Of course, inebriation should never be the goal with wine tasting. Wineries are wineries, not bars, so drink plenty of water, don’t imbibe on an empty stomach, watch how much you consume, and keep conversation to a reasonable level. Although alcohol is being served, most tasting rooms offer a relaxed and conversational environment, so save loud banter and raucous activities for later!
Even if you plan to spit on occasion, you will still be swallowing some wine, so always plan ahead and have a designated driver.
Purchasing a bottle you’ve enjoyed is a great way to keep the memory going once you’re back at home. Make sure you’re aware of shipping laws applying to your state if you need to ship bottles back home. If you’re flying, consult your airline about weight, quantity, and liquid restrictions (and note that Alaska Airlines’ Wine Flies Free program is only available in certain destinations). You can also plan ahead by purchasing a suitcase built for transporting wine.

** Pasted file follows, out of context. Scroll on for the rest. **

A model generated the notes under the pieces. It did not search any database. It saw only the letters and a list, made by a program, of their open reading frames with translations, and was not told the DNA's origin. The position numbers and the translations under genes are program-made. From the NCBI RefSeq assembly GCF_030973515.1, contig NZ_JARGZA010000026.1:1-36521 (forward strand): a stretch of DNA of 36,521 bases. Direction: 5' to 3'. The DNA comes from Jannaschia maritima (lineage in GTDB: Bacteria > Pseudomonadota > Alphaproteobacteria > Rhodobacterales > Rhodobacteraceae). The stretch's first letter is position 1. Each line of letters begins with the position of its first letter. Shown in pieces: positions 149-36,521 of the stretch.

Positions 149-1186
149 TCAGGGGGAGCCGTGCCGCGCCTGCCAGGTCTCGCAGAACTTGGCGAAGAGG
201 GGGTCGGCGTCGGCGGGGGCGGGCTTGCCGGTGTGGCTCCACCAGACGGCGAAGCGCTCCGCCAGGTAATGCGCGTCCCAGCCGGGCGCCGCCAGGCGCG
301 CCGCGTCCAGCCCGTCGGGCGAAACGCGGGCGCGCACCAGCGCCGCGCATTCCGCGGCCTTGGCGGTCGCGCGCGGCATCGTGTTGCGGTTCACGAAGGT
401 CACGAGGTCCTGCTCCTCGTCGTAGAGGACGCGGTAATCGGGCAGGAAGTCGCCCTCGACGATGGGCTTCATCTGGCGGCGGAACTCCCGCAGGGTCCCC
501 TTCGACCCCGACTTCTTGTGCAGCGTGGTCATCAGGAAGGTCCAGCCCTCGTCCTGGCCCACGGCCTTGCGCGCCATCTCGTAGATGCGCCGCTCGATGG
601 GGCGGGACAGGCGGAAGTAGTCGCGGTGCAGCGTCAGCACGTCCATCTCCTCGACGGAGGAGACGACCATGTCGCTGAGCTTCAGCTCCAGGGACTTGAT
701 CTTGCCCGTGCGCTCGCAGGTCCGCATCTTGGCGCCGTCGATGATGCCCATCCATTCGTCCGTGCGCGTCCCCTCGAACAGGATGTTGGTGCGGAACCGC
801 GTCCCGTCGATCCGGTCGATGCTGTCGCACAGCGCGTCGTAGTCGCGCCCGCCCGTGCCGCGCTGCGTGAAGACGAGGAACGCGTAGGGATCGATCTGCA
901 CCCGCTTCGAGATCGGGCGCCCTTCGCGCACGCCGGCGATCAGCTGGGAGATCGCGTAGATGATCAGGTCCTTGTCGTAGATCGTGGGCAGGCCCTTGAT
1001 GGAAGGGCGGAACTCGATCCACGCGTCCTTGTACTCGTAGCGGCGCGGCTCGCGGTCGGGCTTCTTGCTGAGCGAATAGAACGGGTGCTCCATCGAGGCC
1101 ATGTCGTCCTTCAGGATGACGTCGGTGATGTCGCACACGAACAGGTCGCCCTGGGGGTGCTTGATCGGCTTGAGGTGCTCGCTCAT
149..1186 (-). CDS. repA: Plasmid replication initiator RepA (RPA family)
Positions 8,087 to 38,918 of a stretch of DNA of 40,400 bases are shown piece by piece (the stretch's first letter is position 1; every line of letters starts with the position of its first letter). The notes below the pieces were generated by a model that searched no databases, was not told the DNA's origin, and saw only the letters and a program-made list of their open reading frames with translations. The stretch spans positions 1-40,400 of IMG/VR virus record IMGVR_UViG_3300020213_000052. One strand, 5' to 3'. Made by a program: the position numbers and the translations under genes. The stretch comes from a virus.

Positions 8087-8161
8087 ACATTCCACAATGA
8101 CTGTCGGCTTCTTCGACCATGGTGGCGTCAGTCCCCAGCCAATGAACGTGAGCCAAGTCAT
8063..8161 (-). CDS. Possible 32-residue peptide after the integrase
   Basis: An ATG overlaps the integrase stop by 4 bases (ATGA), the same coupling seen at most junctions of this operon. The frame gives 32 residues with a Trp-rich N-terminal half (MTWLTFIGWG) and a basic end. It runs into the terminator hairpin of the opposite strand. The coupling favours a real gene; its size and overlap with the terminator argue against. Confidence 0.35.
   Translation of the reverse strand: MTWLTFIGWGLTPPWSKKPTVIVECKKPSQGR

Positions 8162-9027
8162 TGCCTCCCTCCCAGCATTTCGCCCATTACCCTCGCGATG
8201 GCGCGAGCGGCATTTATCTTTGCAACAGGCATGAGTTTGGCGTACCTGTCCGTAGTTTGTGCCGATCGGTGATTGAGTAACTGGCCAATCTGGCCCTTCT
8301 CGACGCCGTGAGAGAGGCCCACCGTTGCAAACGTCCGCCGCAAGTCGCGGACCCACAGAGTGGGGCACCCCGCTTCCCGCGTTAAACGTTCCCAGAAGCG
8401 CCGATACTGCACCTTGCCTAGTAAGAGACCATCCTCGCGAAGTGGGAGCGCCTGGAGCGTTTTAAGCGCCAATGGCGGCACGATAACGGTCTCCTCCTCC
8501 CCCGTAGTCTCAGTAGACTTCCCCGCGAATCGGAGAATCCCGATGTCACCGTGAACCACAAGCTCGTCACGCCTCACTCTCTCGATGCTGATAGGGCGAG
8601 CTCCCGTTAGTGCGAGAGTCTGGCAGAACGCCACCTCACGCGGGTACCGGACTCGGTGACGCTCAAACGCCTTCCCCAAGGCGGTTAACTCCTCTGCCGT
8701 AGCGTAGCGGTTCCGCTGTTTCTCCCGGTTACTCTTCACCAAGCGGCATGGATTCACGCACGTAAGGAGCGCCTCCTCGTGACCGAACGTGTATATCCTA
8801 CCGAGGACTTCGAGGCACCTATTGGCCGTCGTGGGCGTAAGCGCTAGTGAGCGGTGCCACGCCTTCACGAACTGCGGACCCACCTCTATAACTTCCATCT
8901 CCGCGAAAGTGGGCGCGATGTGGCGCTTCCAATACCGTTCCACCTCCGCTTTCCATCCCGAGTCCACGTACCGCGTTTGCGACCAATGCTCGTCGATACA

Most producers have wine clubs that offer periodic shipments of wine on an ongoing basis. Besides the wine that comes with a membership, extra benefits and perks can make a wine club a no-brainer. Don’t hesitate to ask about membership price, quantities shipped, when they’re shipped, and any other perks that might be included. In many cases, wine club members will receive complimentary tastings, so your tasting fee may be waived if you sign up that day. However, don’t just sign up for a club membership to get a free wine tasting. That is considered poor wine etiquette, for obvious reasons. To negate this behavior, some wineries have implemented minimum requirements for wine club memberships, usually ranging from two shipment commitments to one-year requirements.
One other thing to consider is tipping. While proper etiquette around tipping varies by region, it’s always a nice gesture to tip the person pouring your wine, especially if they’ve taken extra time to explain what’s in the glass, share the winemaker techniques, and/or provide you with a wine tour. Tipping for good service is generally accepted and appreciated.
Following these wine etiquette tips should ensure a smooth Wine Country visit and – even better – afford you the ability to focus on making memories rather than sweating the details. Cheers to that!